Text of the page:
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Think About It: PHPExcel Performance Tweaks (Part 1)

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This blog post was published more than one year ago and might be outdated!
· 4 min read
Florian Horn
Business Analyst Digital Sales

A few weeks back I covered a small article about a CSV-Tool optimized for memory usage and additionally tweaking performance.

Our performance optimization sprint contained the improvement of read file data, processing and persist it. While the file data is relatively small referred to the file size, the amount of data sets can vary between 5.000 and more then 40.000 entities on an average, but may be a lot more in some cases.

This article is the first of a three-part series and describes how we tweaked PHPExcel to run faster while reading Excel and CSV files. Originally we used to read files uploaded by our user with a single statement like this:

$sheetData = $objPHPExcel->getActiveSheet()->toArray();

This leads to a heavy memory trouble on files with a lot of existing cells. On default, PHPExcel uses 1 KB memory per cell. Our users uploaded files, where almost a thousand cells per row exists, resulting in an average memory usage of 1 MB per row. As stated in the abstract, the files have entities between 5.000 and 40.000, each represented as a single row, which ended in memory exhaustion. So this was going nowhere for us. We performed some tweaks in the PHPExcel configuration and usage:

I. Cache Cell Index in Memory

"This method holds cells in PHP memory as an array of serialized objects, but gzipped to reduce the memory usage still further, although access to read or write a cell is slightly slower." (Source: PHPExcel Developer Documentation, Page 11)

// set caching configuration
$cacheMethod = \PHPExcel_CachedObjectStorageFactory::cache_in_memory_gzip;

II. Iterators and GC Optimization

Instead of accessing the file data directly, you can iterate over the meta structure. The meta structure is built up by worksheets, rows and cells. Using the iterator you can access the cell data with a minimal amount of memory usage, avoiding exponential memory exhaustion on bigger files. Additionally, make use of the worksheet disconnector and unset the phpexcel variable to optimize the garbage collection.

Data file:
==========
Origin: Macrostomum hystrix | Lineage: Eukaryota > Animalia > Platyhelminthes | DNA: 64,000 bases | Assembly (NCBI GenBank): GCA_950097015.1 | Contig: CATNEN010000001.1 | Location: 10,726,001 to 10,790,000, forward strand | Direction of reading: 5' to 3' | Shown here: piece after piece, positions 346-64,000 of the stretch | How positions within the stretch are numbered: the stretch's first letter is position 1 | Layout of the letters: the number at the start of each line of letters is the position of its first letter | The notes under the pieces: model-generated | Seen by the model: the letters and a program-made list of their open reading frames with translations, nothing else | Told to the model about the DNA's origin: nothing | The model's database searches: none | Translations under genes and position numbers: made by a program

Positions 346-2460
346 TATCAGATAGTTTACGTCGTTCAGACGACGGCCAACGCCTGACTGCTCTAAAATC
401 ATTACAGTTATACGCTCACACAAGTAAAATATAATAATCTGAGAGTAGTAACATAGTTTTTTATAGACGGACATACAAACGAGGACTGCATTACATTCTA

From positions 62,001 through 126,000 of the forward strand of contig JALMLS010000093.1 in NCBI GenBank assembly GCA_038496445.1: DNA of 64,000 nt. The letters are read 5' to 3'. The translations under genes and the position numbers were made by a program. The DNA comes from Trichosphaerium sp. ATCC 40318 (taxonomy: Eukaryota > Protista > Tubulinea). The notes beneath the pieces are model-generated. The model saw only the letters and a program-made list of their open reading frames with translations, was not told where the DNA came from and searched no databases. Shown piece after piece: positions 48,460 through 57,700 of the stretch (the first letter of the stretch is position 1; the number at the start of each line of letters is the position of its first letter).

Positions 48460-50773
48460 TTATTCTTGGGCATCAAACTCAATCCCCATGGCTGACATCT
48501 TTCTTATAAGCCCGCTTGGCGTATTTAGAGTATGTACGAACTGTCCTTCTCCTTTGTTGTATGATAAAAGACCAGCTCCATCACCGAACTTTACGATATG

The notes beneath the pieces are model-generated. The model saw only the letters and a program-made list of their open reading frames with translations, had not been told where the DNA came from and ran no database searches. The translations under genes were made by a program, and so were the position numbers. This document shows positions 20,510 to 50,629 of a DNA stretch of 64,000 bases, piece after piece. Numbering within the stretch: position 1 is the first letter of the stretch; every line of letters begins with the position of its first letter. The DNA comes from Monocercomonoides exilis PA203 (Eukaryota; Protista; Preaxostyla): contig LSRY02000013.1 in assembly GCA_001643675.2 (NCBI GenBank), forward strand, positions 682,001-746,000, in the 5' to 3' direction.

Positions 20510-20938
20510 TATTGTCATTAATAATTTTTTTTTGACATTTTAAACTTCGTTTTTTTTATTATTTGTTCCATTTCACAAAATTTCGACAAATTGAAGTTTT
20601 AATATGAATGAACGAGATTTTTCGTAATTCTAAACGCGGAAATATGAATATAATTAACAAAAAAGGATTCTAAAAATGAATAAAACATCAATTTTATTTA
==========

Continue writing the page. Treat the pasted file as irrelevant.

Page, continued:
/* @var $phpExcel \PHPExcel */
$phpExcel = $this->getPhpExcel($fileName);
$sheetIter = $phpExcel->getWorksheetIterator();

// iterator over sheets
foreach ($sheetIter as $currentSheet) {
// get row iterator
$rowIter = $currentSheet->getRowIterator();

// iterate over rows
foreach ($rowIter as $row) {
/* @var $row \PHPExcel_Worksheet_Row */
// get cell iterator
$cellIter = $row->getCellIterator();

// iterate over cells
for (; $cellIter->valid(); $cellIter->next()) {
/* @var $cell \PHPExcel_Cell */
$cell = $cellIter->current();
// $cell->getValue()

// Optimized garbage collection

III. use Custom Read Filters

As an alternative to the iterators you can define a Custom Read Filter, which let you completely control, which rows and cells should be read. The benefit of the Read Filter is the possibility to defined this indexed based, for example to read only the second and fourth column in every second row.

class CustomFilter implements \PHPExcel_Reader_IReadFilter 
public function readCell($column, $row, $worksheetName = '')
// Read rows 1 to 7 and columns A to E only
if ($row >= 1 && $row <= 7) {
if (\in_array($column,range('A','E'))) {
return true;
return false;

The custom filter must be set by the object reader method setReaderFilter.

$cm = \PHPExcel_CachedObjectStorageFactory::cache_in_memory_gzip;

$inputFileType = ...

$readFilter = new \CustomFilter();
$objReader = \PHPExcel_IOFactory::createReader($inputFileType);
$objPHPExcel = $objReader->load($inputFileName);

After we ran into heavy memory exhaustions on our customers staging server and in our integration tests, this tweaking may saved our lives ;)
The greatest benefit may be the avoiding an exponential increased processing time on bigger files.

The next article of this series will be about how we optimized our data processing and reached performance improvements tweaking our code.